Home > ArtoftheDay Weekly > #195 - from 2 December 2010 to 8 December 2010

Art Of The Day Weekly

#195 - from 2 December 2010 to 8 December 2010

Cory Arcangel, Drei Klavierstücke op. 11, 2009, Lisson Gallery, London. Courtesy MCH Swiss Exhibition (Basel) Ltd


Miami, barometer of the art market

Snow in Paris, sun in Miami. And the same, disquieting question arises each year come rain or shine, in particular during these periods of crisis, will the art market survive? There is no doubt about it, regarding the major works, and the recent records at various auctions are there to remind us that an exceptional «Giacometti», a «Modigliani», or a «Matisse» are worth more now than ever before. But what about the works a little further down the prestigious echelons? International fairs have an answer, and a rather encouraging one, if we are to look at the results of the Frieze, the FIAC or Paris Photo, among the most vibrant these last few years. But the renewed concerns about the international economy (Ireland, Portugal) draw a dark cloud over the horizon. The 250 leading art dealers on the beaches of Florida will try to reassure themselves once again. This ritual reminds us that art has become a true market, as much as the car or luxury industry, «with its weight» of billions of dollars and is incapable of adjusting to a period of recession.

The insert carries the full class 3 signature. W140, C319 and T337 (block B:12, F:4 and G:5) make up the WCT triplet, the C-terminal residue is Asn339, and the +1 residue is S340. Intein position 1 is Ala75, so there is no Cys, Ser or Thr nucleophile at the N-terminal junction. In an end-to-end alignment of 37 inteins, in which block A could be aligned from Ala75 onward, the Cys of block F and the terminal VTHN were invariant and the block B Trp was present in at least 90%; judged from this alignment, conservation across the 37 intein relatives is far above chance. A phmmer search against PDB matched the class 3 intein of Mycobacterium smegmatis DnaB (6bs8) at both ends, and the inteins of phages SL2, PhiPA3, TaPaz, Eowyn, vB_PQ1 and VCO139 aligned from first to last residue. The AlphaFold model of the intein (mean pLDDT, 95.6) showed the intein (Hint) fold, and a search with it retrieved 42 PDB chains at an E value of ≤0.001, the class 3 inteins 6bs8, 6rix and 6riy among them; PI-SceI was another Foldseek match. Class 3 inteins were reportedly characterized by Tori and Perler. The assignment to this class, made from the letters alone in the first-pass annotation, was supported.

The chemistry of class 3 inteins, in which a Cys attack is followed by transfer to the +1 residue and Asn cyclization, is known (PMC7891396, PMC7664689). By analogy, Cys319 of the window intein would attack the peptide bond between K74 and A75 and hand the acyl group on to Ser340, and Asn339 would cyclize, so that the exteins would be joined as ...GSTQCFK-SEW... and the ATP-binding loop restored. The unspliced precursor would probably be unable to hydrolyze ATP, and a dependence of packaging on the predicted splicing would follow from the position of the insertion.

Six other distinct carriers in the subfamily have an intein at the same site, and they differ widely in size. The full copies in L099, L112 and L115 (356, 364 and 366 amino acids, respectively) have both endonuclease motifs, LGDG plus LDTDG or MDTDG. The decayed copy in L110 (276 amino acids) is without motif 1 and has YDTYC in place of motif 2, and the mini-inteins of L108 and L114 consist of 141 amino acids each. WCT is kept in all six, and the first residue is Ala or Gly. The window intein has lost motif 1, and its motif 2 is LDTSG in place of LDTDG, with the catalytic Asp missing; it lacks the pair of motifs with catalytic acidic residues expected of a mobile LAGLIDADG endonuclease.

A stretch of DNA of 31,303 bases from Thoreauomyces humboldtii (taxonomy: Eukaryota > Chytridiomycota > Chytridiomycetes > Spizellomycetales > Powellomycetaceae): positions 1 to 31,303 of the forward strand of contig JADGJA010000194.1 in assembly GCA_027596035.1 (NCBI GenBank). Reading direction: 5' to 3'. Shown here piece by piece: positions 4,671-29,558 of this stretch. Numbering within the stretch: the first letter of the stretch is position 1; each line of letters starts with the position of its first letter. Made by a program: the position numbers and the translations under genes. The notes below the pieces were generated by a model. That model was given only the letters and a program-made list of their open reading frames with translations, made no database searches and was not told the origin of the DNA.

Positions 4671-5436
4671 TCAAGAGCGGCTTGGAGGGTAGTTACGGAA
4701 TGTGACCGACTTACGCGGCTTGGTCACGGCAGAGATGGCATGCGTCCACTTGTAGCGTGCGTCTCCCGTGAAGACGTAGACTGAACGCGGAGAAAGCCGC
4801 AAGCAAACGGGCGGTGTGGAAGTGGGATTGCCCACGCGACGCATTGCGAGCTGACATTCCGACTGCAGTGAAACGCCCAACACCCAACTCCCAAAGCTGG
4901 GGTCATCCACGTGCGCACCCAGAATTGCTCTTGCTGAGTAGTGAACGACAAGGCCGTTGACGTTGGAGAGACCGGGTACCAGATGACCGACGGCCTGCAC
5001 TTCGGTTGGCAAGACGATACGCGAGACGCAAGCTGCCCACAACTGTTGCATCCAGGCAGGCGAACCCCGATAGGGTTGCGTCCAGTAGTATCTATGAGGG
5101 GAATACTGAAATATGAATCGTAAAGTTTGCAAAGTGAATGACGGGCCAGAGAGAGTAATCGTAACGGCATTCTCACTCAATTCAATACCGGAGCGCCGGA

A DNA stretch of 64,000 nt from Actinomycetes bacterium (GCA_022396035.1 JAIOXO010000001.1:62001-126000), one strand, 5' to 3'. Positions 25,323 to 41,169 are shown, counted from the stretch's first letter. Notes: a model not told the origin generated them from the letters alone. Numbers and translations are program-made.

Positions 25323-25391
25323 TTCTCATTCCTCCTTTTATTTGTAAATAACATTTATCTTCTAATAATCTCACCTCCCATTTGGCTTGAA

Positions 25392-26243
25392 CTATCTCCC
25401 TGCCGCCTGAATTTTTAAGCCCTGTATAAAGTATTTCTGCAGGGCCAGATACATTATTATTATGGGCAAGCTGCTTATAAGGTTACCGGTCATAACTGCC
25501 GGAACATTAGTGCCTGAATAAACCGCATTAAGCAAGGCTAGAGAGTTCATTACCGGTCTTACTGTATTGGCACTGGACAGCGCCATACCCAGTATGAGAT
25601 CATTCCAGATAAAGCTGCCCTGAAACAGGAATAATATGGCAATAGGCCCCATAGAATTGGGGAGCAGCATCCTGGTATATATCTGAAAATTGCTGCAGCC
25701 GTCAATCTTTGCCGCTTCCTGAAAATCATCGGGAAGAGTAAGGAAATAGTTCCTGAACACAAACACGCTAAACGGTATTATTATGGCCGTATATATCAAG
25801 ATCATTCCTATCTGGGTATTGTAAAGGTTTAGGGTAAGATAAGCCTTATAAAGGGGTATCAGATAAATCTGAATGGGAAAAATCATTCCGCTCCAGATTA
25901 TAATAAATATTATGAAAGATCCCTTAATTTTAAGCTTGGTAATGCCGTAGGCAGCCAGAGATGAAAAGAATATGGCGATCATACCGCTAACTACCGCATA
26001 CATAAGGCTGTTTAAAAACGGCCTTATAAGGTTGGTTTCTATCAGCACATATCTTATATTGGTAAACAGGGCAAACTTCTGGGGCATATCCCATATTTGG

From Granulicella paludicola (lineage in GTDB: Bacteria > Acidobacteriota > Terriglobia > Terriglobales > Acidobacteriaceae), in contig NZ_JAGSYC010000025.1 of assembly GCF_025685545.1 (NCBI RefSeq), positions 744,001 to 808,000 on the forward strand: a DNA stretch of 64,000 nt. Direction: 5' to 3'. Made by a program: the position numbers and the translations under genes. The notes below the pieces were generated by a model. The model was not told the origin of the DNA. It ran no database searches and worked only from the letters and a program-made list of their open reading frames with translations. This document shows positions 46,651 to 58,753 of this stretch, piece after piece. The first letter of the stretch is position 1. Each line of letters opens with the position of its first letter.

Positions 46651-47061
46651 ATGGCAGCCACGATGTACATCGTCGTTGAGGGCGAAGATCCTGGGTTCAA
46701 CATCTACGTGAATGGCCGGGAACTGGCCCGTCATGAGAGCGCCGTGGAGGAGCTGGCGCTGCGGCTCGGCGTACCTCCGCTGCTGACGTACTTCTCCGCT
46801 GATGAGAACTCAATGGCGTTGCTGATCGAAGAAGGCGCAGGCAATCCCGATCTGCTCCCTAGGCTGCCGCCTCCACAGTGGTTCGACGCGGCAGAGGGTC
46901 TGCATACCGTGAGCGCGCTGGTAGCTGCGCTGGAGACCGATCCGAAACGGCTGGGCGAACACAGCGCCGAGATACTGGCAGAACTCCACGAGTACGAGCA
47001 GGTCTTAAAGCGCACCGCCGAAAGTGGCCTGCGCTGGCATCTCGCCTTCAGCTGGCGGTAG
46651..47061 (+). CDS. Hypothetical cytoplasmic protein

Art Basel Miami Beach will be held from 2 to 5 December 2010.

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Hans Holbein the Elderd, Grey Passion, between 1494 and 1500, 89 x 87 cm, Staatsgalerie Stuttgart

Holbein in grey

STUTTGART – Holbein the Elder was eclipsed by his son’s glory, even though he produced one of the most important works in religious art at the end of the XVth century, a cycle of the Passion of Christ in grisaille. This Grey Passion was bought by the Staatsgalerie in 2003, underwent an intensive restoration (of which the various phases are explained here), and is shown here complete (12 panels) next to comparable works from the same period, that we owe to the talent of Martin Schongauer, Dirk Bouts or the Master of 1477. This large composition, done between 1493 and 1500, integrates itself in the monochrome current– also developed by artists such as Grien or Grünewald – that led to the creation of another world, far from the terrenial rules / mundane rules.
Hans Holbein D. A. Die Graue Passion at the Staatsgalerie, from 27 November 2010 to 20 March 2011

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Antique temptations